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Eigenvalues, eigenvectors, characteristic equation, characteristic polynomial, characteristic roots, latent roots

Let Y = AX be a linear transformation on n-space (real n-space, complex n-space, etc.) Matrix A can be viewed as a function which assigns to each vector X in n-space another vector Y in n-space. It represents a mapping of n-space into itself. We shall consider here the possibility of matrix A carrying certain vectors in n-space into vectors that are scalar multiples of themselves (vectors collinear with themselves).

Eigenvector. An eigenvector is a nonzero vector X which is imaged by the linear transformation A into a vector λX , a scalar multiple of itself. That is, it is a vector X such that AX = λX where λ is a scalar called an eigenvalue. An eigenvector of a linear transformation A corresponds to any of those vectors in the domain which are imaged by A into scalar multiples of themselves.

Eigenvectors are also called invariant vectors, characteristic vectors, or latent vectors. Eigenvalues are also called characteristic roots or latent roots.

Eigenvectors and eigenvalues arise in many areas of mathematics, physics, chemistry and engineering. They arise in analytic geometry in connection with finding that particular coordinate system in which a conic in the plane or a quadric surface in three-dimensional space finds its simplest canonical expression. In physics and engineering they arise in connection with finding, for example, the critical frequencies of a vibrating string, suspension bridge or a rotating shaft, the critical load of a supporting column or the energy levels of a system in quantum mechanics.

The problem we wish to solve is this: Given an n-square matrix A, find a nonzero vector X and a scalar λ such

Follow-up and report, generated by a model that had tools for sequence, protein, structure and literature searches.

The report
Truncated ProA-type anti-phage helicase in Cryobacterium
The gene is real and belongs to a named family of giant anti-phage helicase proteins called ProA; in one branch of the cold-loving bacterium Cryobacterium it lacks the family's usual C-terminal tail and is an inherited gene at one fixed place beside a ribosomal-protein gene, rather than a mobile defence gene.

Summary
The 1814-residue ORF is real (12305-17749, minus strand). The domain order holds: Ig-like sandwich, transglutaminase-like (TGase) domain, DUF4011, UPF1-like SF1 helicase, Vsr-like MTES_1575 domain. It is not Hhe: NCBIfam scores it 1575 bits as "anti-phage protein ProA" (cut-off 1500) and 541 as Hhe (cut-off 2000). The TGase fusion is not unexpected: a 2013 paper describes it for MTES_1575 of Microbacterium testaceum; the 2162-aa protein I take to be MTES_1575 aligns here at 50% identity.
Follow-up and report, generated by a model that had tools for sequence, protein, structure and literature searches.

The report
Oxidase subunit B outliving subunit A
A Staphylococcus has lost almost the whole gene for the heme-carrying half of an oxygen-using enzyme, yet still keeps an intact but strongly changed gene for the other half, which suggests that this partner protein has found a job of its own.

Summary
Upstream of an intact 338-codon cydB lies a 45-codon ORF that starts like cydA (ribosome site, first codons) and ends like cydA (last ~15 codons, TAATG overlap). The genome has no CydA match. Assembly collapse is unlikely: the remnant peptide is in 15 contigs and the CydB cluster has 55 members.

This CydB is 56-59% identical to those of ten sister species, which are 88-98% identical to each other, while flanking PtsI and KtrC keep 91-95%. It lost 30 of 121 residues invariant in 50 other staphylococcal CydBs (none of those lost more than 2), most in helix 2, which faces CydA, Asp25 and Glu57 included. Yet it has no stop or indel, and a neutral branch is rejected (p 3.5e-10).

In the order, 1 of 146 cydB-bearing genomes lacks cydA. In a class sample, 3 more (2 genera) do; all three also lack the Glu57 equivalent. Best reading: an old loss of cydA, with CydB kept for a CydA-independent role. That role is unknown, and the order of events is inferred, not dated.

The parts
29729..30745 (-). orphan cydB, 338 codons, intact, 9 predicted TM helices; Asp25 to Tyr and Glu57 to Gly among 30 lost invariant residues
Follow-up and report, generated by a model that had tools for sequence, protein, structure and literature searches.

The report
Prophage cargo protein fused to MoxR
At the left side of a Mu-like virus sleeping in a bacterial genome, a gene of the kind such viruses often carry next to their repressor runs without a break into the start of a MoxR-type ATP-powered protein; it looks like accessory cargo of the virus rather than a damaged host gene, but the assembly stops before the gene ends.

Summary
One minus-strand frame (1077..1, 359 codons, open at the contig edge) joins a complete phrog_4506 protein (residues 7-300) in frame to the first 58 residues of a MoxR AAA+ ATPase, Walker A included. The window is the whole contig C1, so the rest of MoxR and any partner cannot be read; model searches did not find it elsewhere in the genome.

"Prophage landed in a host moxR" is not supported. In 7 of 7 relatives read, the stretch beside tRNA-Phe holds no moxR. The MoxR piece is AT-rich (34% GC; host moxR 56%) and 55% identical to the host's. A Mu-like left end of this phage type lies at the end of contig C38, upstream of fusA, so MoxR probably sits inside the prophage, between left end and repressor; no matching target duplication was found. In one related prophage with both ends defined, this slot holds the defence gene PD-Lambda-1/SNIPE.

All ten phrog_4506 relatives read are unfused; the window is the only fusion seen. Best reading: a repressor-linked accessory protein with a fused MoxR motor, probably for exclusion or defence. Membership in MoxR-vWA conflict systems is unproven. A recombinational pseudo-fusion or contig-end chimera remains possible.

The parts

1) AX = λX

that is to say, find a vector X such that AX is simply a multiple of the vector X itself. In general, there will be some values of λ for which system 1) can be solved for X. The values of λ for which the system may be solved for X correspond to the eigenvalues of the system. The eigenvalues correspond to the roots of an equation called the characteristic equation of the matrix A.

The equation AX = λX is equivalent to

λX - AX = 0

or, since X = IX,

λIX - AX = 0

which is equivalent to

This is a homogeneous, linear system of n equations in n unknowns. It has non-trivial solutions if and only if the determinant of the coefficient matrix is equal to zero i.e. if

The expansion of this determinant yields a polynomial f(λ) of degree n in λ which is known as
the characteristic polynomial of the transformation or of the matrix A. The equation f(λ) = 0
is called the characteristic equation of A and its roots λ_{1}, λ_{2}, .... ,λ_{n} are the eigenvalues of A.

Procedure for computing eigenvalues and eigenvectors.

1. Compute the eigenvalues λ_{1}, λ_{2}, .... ,λ_{n} by finding the roots of the characteristic equation

2. Solve the homogeneous linear system (1) above for each computed eigenvalue, λ_{i}. That is, for
each λ_{i}, solve

for X by reducing it to row canonical form with elementary row operations. The solution
consists of a set of linearly independent vectors that spans the null space of the matrix λ_{i}I - A [or,
equivalently, the solution space of (λ_{i}I - A )X = 0 ]. If λ_{i} is an r-fold root then the dimension of